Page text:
Lithium Mine 150 Miles From Tesla Gigafactory May Break Ground

JUL 4 2018 BY VANJA KLJAIC 34

Tesla could find itself neighboring one of the largest concentrated supplies of lithium carbonate in the world less than ten years from now

Breaking the 7,000 per week production levels for the Model 3, Model S and Model X might not be the only great news Tesla is about to receive. A plan is brewing to build a massive Lithium Carbohydrate mine, located just 150 miles (241 kilometers) north of Tesla’s Gigafactory in Nevada.

If opened, this mine would headline the growth in the world’s Lithium Carbonate supply by more than 15% as early as 2022 – when compared to 2018 numbers – and continue to build up to an increase of over 20% by year 2026, massively enhancing the available quantity of this much-coveted mineral for the battery industry.

Tesla Gigafactory

The Tesla Gigafactory

Currently, estimates made by scientists in the early 2010s show that any given high-quality lithium-ion battery would be expected to require 4.4-6.6lbs (2-3 kilograms) of lithium carbonate per kWh of final capacity. In some cases, the absolute physical minimum to create 1 kWh of capacity may be closer to just 0.88lbs (0.4 kilograms). Currently, Tesla’s Gigafactory has set a 35 GWh production goal for 2018, meaning that this single factory will need between 60,000 and 85,000 tons of lithium carbonate annually, just to satisfy their own battery production needs alone.

Behind the study for this new Lithium Carbonate mine is a company known as Lithium Americas, who conservatively estimate the groundbreaking ceremony in their prospective Northern Nevada Li2COmine could be made as early as the end of 2020. They have also stated that they would aim to push the annual production rate to an impressive 30,000 metric tons of the basic Li-ion battery raw material in just 21 months after that. The company aims to double the output to 60,000 metric tons in just six years, which would then be set as the maximum annual lithium carbonate output for the mine in question.

Global Lithium-Ion raw material production is peaking to all-time highs

Right now, the entire global supply of lithium carbonate is expected to peak at ~250,000 tons in 2018, coming after an impressive year-on-year production growth of a 21.5% when compared to 2016. Additionally, just the demands set by Tesla Motors this year alone could easily consume at least 25-30% of the entire global production levels, necessitating a new source of raw materials and this mine could just be the answer to that problem.

Below you’ll find a rather good visualization of how Lithium Carbonate is mined to produce EV battery packs.

Source: Teslarati

Categories: Tesla

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34 Comments on "Lithium Mine 150 Miles From Tesla Gigafactory May Break Ground"

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William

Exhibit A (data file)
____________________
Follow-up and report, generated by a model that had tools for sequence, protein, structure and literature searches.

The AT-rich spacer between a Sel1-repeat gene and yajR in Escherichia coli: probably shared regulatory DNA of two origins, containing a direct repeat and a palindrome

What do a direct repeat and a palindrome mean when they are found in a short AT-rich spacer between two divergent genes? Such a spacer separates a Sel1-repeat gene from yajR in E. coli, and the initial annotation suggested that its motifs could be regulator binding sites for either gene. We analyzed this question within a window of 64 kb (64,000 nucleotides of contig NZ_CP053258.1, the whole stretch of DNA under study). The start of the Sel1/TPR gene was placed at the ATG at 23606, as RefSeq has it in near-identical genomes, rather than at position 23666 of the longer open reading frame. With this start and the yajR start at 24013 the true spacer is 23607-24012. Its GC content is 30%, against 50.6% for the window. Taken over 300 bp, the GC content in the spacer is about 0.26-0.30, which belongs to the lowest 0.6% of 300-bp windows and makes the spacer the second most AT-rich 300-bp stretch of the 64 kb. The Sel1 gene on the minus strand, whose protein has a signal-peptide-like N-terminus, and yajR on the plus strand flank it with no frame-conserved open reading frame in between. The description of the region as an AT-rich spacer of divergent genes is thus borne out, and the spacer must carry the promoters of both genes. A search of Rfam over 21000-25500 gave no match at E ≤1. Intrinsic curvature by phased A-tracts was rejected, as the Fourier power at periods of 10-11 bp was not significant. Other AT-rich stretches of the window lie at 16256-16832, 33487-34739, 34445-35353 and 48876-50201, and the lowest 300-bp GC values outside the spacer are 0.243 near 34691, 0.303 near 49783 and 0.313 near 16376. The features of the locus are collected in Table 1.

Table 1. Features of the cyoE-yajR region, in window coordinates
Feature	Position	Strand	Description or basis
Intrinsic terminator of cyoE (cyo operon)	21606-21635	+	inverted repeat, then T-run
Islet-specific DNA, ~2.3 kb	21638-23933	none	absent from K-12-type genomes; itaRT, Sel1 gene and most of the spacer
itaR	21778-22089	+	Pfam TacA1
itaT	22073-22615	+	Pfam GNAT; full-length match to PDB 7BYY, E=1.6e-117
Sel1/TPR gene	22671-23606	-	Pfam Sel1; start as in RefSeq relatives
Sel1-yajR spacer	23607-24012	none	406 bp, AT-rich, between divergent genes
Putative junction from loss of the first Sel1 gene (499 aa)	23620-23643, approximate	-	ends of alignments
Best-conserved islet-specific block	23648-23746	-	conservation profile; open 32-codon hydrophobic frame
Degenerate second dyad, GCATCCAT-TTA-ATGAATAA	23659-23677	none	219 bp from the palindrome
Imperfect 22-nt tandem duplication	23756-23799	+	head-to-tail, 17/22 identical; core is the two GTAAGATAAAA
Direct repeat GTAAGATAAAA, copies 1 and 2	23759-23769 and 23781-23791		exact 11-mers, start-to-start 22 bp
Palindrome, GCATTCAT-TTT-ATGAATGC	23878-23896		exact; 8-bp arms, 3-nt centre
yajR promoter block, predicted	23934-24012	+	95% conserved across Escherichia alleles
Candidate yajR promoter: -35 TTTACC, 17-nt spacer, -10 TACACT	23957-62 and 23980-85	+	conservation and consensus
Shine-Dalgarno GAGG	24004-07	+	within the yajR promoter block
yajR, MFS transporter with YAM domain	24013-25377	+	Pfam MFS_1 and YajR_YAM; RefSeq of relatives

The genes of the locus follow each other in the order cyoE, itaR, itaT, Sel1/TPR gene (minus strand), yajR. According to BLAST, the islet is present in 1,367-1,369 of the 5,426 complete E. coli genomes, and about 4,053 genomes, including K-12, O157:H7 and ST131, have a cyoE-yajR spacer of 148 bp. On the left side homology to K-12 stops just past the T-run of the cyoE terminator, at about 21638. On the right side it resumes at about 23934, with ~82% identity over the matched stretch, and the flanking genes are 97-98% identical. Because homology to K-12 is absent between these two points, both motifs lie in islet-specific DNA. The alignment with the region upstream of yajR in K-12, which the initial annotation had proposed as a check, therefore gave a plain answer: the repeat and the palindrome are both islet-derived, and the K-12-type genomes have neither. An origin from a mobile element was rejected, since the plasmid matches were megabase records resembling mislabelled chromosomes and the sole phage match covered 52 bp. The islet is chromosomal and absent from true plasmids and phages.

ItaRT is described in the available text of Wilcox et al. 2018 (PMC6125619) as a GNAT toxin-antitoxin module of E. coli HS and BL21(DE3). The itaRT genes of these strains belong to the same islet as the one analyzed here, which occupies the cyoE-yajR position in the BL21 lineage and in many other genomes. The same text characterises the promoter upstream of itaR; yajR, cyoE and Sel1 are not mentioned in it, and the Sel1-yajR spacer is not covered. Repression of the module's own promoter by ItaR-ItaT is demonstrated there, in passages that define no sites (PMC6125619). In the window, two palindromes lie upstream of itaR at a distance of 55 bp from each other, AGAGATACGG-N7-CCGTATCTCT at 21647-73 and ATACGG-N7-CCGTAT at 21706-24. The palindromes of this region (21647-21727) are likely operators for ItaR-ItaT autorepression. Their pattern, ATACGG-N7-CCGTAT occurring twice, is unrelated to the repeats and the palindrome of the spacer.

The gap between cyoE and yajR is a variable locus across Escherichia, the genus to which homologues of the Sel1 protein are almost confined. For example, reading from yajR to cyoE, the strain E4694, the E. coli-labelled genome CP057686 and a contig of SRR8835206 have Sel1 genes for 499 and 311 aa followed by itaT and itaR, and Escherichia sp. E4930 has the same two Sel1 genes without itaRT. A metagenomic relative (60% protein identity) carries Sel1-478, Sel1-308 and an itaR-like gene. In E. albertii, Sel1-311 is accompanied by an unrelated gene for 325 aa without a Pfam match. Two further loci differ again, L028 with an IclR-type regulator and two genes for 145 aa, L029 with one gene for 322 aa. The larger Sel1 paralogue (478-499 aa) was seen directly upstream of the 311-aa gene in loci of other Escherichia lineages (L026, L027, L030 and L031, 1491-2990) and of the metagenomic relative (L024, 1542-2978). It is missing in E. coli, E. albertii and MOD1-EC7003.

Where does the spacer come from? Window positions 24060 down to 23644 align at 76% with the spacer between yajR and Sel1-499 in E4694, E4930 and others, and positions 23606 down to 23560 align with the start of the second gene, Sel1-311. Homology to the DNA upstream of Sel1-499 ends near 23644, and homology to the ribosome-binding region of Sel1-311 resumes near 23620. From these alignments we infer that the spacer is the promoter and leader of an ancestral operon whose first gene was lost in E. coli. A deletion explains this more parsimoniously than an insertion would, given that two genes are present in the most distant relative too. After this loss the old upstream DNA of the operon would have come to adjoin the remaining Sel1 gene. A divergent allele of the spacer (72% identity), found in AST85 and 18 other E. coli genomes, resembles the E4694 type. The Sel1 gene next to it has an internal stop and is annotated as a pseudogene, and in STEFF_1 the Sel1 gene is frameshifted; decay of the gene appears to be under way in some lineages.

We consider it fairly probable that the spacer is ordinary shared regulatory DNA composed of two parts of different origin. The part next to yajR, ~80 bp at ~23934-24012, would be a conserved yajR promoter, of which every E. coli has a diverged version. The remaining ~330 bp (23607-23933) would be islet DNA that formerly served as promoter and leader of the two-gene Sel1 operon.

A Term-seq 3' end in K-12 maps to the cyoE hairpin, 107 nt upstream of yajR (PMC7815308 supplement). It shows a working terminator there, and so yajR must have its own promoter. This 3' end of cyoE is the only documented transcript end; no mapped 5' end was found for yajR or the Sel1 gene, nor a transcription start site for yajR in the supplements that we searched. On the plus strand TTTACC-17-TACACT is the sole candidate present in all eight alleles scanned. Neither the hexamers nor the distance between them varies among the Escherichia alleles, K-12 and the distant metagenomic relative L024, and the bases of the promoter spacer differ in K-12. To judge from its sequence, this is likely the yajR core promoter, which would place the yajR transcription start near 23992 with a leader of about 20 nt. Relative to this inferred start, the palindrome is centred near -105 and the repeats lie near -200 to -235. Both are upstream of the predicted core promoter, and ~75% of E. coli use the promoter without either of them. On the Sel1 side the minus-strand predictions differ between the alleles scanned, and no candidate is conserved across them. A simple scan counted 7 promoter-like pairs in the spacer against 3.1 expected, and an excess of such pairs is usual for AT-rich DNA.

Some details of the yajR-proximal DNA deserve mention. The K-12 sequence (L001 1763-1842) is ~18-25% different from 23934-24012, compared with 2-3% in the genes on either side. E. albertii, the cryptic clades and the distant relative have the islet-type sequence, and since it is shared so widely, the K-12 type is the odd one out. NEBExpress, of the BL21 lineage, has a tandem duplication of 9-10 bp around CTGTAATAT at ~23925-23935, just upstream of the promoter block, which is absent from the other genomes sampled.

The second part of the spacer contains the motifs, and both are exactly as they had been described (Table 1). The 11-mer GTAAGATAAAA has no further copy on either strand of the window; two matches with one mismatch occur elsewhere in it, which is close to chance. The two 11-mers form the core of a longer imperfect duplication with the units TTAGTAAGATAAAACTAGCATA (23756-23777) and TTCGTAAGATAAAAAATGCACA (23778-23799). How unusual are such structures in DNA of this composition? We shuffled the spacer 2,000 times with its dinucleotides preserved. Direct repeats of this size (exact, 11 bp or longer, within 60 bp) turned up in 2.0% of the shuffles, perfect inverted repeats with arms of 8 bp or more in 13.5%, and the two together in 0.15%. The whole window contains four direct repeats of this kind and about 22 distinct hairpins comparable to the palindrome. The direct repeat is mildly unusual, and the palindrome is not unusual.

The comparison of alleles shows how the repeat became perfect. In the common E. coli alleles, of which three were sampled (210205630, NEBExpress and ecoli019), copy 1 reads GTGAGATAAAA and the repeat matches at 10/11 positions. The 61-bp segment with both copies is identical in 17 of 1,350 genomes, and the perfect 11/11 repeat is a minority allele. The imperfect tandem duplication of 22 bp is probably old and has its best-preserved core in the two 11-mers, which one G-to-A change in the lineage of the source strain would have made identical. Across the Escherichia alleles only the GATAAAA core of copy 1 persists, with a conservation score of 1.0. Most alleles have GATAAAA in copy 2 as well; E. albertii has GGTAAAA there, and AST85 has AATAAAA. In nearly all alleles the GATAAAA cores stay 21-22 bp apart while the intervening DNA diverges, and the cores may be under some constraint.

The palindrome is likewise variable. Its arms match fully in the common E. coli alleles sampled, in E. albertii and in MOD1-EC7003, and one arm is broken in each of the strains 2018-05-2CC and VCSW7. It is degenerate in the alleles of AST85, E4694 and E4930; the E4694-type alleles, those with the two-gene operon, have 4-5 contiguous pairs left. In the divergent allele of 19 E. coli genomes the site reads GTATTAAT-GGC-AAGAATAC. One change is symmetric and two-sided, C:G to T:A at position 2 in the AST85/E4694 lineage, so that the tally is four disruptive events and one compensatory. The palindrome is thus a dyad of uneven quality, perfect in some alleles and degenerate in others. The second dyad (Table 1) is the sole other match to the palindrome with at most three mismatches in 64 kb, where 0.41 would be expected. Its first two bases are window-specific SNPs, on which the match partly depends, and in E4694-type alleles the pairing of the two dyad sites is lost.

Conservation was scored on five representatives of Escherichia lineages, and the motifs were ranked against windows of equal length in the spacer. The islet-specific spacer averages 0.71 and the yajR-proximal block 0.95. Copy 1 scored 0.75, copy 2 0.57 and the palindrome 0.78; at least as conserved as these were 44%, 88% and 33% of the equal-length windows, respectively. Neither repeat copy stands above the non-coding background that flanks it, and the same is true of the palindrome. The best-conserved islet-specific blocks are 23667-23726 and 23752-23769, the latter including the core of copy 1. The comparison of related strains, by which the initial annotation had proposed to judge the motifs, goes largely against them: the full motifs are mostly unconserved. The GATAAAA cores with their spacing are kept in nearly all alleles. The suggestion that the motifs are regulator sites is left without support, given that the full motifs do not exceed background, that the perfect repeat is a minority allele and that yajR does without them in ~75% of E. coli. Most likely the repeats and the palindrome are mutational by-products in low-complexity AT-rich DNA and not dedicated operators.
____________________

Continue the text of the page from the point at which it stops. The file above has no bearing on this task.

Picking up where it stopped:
I wonder if the Tesla Model Y will have its Panasonic batteries lithium sourced from this “gigafactory adjacent ” mine in 2021?

esto perpetua

Lets see how long it will take for the environmentalists to start protests and endless lawsuits to cancel the project or at least delay it 10-20 years like they always do. Or will this time destroying the earth will be OK in order to save the planet?

Nix

You didn’t watch the video, did you?

esto perpetua

I didn’t but, yea right, as if reason and reality matter to these nuts.

Paul Smith

What earth is being destroyed? This mine does much more to save the earth.

menorman

This is Nevada, not California…

Pushmi-Pullyu

I suggest you learn something about how lithium is “mined”, or rather extracted, before commenting again on the subject.

Hint: It doesn’t actually involve digging or earth-moving at all.

TM

It looks like the water usage is really high, so you never know what the environmental impact study will reveal. But this location appears to be in the middle of a fairly barren area, so as long as the water supply isn’t negatively impacted, it seems like this is an ideal location. Now, refining the evaporated compounds is another story – I’d like to see a similar video as to how that is done.

Very nice in depth write up on lithium extraction:
http://www.mining.com/web/lithium-supply-demand-story/

Some patents on the purification process.
http://www.patentsencyclopedia.com/app/20130101484
https://patents.google.com/patent/US6048507

I haven’t been able to find a layman’s description of the process, which hopefully would make it easier to understand the complications and byproducts of the refinement process than the above listed patents.

Heisenberght 3.0

Thank you for the link to mining.com

Referring to the possible “technological breakthrough” in brine refinement which is currently explored by POSCO and Energi Corporation I guess they are referring to reverse osmosis. While being more complicated and prone to problems with membrane degradation or “clogging” of membranes than a simple evaporation process this might significantly enhance the purification process. Let’s hope for some development on the membranes front.